Astrophys. J., 583, 963-984 (2003/February-1)
Space Telescope Imaging Spectrograph Survey of far-ultraviolet coronal forbidden lines in late-type stars.
AYRES T.R., BROWN A., HARPER G.M., OSTEN R.A., LINSKY J.L., WOOD B.E. and REDFIELD S.
Abstract (from CDS):
We describe an extensive search with the Space Telescope Imaging Spectrograph (STIS) for ultraviolet coronal (T>106 K) forbidden lines in a sample of 29 F-M dwarfs, giants, and supergiants. Measuring coronal lines in the 1150-1700 Å band with STIS has important advantages of superior velocity resolution and an absolute wavelength calibration compared with using the Chandra or XMM-Newton grating spectrometers to observe permitted transitions of the same ion stages in the kilovolt X-ray region. Fe XII λλ1242, 1349 (T∼2x106 K) and Fe XXI λ1354 (107 K) are well known from solar studies and have been reported in previous stellar work. A search for other coronal forbidden lines in the 1200-1600 Å region was largely negative. The few candidate identifications (e.g., Ar XIII λ1330 and Ca XV λ1375) are too faint to be diagnostically useful. We add new dwarfs to the list of Fe XII detections, including the nearby solar twin α Cen A (G2 V). Clear detections of Fe XXI were obtained in dMe stars, active giants, a short-period RS CVn binary, and possibly in active solar-type dwarfs. We developed a semiempirical method for removing the C I blend that partially affects the Fe XXI λ1354 profile. As discussed recently by Johnson et al., Capella (α Aur; G8 III+G1 III) displays clear Fe XXI variability between Goddard High-Resolution Spectograph (GHRS) and STIS observations 4 yr apart, which is apparently due to a substantial decline in the contribution from the G8 primary. We present an alternative model of the GHRS and STIS era profiles using information in the two sets of line shapes jointly, as well as knowledge of the behavior of Fe XXI profiles of other late-G ``clump'' giants similar to Capella G8. The full survey sample also provides a context for the apparent variability: the Fe XXI flux of the G8 star in the GHRS spectrum is nearly identical (in LFeXXI/Lbol) to other clump giants of similar LX/Lbol, but it had dropped at least a factor of 6 in the STIS measurement. The He II λ1640 Bα feature–which is thought to be responsive to coronal irradiation–also showed significant changes between the GHRS and STIS epochs, but the decrease in the G8 star was much smaller than Fe XXI. The Fe XII flux displays a correlation with the ROSAT 0.2-2 keV X-ray flux that can be described by an α=0.5 power law. Fe XXI exhibits a steeper, perhaps linear (α=1), correlation with the ROSAT flux down to an activity level of LX/Lbol∼10–5, below which detections of the coronal forbidden line are rare. There is no evidence of large, systematic Doppler shifts in either Fe XII λ1242 or Fe XXI λ1354. This suggests that the emissions arise dominantly in confined structures, analogous to magnetic loops on the Sun, rather than, say, in a hot wind. The Fe XII and Fe XXI line widths generally are close to thermal (FWHM∼40-90 km.s–1 at T∼106.2-107.0 K), except for the Hertzsprung-gap giants 31 Comae (G0 III) and Capella G1 and the K1 subgiant primary of HR 1099, all of which show evidence for excess broadening in Fe XXI (Fe XII is obscured in these objects by broad N V λ1242 features). If the excess broadening is rotational, it implies that the hot coronae of ``X-ray-deficient'' 31 Com and Capella G1 are highly extended, contrary to the compact structures suggested by recent density estimates in a number of active coronal sources.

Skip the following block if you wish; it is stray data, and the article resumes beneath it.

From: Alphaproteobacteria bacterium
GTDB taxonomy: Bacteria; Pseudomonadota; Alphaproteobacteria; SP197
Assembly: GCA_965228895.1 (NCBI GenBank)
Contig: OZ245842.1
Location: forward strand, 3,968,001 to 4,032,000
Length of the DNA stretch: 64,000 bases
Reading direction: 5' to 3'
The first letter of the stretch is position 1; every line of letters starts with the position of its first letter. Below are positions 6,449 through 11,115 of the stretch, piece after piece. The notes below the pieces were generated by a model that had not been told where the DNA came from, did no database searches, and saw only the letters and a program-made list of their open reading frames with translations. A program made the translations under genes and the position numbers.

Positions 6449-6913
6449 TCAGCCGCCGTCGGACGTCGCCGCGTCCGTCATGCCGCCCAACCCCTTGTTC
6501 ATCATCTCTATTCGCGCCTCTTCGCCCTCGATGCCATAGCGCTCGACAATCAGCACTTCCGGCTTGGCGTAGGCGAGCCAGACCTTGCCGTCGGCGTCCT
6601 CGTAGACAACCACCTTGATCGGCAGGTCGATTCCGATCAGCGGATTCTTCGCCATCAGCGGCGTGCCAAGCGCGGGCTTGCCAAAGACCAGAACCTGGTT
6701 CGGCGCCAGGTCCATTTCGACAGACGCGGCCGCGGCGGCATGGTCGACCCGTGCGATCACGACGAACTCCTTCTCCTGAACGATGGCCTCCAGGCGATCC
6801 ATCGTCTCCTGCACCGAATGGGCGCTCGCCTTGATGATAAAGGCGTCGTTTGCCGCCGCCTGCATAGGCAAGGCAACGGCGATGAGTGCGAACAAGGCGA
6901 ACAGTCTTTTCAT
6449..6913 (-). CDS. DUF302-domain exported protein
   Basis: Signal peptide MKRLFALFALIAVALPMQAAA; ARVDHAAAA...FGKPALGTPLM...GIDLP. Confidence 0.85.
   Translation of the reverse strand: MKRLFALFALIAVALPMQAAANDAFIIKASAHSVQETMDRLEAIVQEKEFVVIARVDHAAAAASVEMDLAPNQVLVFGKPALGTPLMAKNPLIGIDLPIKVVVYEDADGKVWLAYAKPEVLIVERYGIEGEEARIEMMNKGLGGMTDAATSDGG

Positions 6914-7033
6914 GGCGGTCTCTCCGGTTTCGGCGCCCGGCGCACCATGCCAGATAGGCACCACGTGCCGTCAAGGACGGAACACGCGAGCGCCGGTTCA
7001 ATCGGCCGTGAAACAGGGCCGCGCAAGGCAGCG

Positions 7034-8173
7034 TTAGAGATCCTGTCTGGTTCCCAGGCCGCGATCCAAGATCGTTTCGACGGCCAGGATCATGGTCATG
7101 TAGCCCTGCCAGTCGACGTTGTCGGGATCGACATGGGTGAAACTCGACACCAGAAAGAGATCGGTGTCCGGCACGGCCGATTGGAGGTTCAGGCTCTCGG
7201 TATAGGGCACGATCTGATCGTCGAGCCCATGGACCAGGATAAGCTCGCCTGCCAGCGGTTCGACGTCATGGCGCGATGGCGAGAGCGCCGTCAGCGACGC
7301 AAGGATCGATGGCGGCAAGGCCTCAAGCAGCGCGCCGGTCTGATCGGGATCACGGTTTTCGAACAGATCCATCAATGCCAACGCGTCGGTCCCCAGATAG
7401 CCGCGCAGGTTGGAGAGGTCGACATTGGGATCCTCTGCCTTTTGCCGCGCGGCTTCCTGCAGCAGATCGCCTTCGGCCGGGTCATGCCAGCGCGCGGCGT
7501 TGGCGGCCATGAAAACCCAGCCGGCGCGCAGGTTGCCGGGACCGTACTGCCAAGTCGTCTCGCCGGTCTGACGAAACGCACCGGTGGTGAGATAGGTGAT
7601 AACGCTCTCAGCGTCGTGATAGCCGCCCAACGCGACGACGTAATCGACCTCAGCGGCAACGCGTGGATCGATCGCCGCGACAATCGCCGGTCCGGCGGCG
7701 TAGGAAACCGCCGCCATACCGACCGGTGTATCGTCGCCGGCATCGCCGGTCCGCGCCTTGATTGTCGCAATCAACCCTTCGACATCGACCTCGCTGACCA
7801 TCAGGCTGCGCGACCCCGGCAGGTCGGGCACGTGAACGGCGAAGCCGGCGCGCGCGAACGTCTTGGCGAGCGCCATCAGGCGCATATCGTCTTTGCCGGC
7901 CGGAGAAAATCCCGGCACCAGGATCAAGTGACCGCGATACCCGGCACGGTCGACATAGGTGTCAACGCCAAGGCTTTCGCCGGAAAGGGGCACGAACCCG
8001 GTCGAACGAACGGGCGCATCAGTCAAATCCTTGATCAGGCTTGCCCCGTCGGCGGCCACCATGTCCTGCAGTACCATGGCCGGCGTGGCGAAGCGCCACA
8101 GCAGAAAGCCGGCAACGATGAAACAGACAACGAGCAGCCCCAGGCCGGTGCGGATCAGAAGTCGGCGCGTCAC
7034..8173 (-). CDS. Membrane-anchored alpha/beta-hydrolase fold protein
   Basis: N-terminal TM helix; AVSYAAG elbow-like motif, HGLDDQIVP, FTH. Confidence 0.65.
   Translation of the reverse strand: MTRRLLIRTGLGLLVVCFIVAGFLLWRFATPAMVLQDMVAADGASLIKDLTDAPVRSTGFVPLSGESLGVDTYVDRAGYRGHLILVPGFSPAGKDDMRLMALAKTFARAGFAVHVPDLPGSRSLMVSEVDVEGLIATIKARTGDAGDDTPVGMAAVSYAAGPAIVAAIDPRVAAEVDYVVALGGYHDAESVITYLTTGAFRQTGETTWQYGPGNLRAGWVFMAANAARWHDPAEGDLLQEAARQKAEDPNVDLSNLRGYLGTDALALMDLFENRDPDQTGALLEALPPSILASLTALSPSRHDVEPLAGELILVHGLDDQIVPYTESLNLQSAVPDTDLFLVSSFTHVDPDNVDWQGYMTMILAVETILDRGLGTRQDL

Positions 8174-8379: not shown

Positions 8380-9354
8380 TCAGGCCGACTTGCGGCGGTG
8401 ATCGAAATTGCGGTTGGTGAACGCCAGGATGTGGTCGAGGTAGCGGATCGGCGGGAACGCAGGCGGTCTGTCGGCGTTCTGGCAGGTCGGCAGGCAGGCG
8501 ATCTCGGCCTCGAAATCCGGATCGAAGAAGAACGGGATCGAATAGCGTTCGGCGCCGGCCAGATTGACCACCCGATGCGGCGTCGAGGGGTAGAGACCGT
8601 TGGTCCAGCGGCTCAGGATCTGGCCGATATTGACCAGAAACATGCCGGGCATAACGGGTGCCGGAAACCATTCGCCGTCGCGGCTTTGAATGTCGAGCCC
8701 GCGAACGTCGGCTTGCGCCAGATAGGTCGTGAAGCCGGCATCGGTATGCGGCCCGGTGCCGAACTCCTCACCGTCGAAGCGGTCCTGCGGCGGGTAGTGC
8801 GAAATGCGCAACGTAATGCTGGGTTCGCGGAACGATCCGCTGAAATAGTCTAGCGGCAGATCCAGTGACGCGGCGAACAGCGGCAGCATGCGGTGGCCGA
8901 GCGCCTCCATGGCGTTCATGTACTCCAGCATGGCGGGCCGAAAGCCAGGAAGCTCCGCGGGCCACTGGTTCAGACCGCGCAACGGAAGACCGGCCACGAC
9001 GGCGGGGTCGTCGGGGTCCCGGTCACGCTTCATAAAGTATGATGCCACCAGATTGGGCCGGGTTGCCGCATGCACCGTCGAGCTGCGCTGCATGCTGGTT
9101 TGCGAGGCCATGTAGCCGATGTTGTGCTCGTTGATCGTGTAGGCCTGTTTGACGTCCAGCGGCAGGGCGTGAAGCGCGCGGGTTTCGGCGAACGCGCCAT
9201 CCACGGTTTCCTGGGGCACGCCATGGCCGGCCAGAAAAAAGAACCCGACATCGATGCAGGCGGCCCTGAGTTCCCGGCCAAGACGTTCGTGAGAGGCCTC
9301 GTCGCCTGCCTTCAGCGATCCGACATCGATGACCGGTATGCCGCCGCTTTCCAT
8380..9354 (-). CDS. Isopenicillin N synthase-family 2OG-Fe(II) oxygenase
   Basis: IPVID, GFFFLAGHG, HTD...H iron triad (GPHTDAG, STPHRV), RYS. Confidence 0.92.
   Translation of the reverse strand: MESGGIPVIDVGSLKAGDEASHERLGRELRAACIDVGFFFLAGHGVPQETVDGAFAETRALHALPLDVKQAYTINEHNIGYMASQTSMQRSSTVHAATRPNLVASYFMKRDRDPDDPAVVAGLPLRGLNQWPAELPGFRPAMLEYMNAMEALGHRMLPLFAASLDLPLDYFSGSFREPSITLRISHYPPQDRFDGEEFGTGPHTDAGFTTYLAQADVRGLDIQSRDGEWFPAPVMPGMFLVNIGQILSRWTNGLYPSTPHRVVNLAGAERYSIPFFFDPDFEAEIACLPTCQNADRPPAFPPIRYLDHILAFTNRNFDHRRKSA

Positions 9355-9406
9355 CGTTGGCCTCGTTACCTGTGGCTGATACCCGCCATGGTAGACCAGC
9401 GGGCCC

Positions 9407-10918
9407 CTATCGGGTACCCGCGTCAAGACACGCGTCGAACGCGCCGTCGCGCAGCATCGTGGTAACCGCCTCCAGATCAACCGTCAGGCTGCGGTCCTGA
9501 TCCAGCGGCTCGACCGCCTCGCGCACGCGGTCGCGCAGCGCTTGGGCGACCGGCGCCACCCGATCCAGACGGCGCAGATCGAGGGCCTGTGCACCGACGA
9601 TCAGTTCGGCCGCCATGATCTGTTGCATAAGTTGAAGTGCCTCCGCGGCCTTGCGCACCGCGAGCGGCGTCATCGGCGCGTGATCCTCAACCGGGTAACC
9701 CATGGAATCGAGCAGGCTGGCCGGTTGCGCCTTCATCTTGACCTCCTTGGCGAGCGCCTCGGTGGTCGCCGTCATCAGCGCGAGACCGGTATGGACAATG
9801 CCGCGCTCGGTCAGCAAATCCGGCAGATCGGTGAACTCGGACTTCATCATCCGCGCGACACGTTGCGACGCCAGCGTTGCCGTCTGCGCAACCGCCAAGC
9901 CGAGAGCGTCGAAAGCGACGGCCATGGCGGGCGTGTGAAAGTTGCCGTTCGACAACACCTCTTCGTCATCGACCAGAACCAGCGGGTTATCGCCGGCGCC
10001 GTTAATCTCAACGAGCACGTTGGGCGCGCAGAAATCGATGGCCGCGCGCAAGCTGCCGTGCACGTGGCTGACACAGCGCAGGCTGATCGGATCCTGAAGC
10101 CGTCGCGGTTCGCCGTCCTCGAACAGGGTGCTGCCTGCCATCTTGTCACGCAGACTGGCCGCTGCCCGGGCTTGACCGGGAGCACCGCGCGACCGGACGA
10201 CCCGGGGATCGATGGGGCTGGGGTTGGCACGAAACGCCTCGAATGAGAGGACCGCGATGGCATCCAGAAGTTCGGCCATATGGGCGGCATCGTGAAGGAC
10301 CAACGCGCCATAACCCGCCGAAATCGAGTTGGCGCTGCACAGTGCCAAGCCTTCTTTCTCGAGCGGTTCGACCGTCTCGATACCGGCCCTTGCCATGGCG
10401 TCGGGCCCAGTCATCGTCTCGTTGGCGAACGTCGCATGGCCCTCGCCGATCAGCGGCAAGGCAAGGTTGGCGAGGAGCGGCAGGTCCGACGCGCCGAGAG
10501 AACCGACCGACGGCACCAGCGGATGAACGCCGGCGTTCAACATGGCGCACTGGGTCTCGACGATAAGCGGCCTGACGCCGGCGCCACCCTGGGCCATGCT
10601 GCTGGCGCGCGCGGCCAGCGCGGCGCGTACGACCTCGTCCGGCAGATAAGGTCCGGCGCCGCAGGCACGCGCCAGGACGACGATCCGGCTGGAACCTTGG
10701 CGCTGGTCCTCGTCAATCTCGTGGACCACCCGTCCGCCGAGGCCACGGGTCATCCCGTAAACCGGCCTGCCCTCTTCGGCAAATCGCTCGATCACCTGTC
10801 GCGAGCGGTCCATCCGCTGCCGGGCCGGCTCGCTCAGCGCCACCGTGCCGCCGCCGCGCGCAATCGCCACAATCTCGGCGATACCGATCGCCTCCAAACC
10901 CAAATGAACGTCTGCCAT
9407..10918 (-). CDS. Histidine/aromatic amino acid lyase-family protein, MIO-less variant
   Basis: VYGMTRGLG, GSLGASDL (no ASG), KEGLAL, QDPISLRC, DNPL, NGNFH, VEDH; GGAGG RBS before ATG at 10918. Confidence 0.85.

Stars: Coronae - Ultraviolet: Stars - X-Rays: Stars
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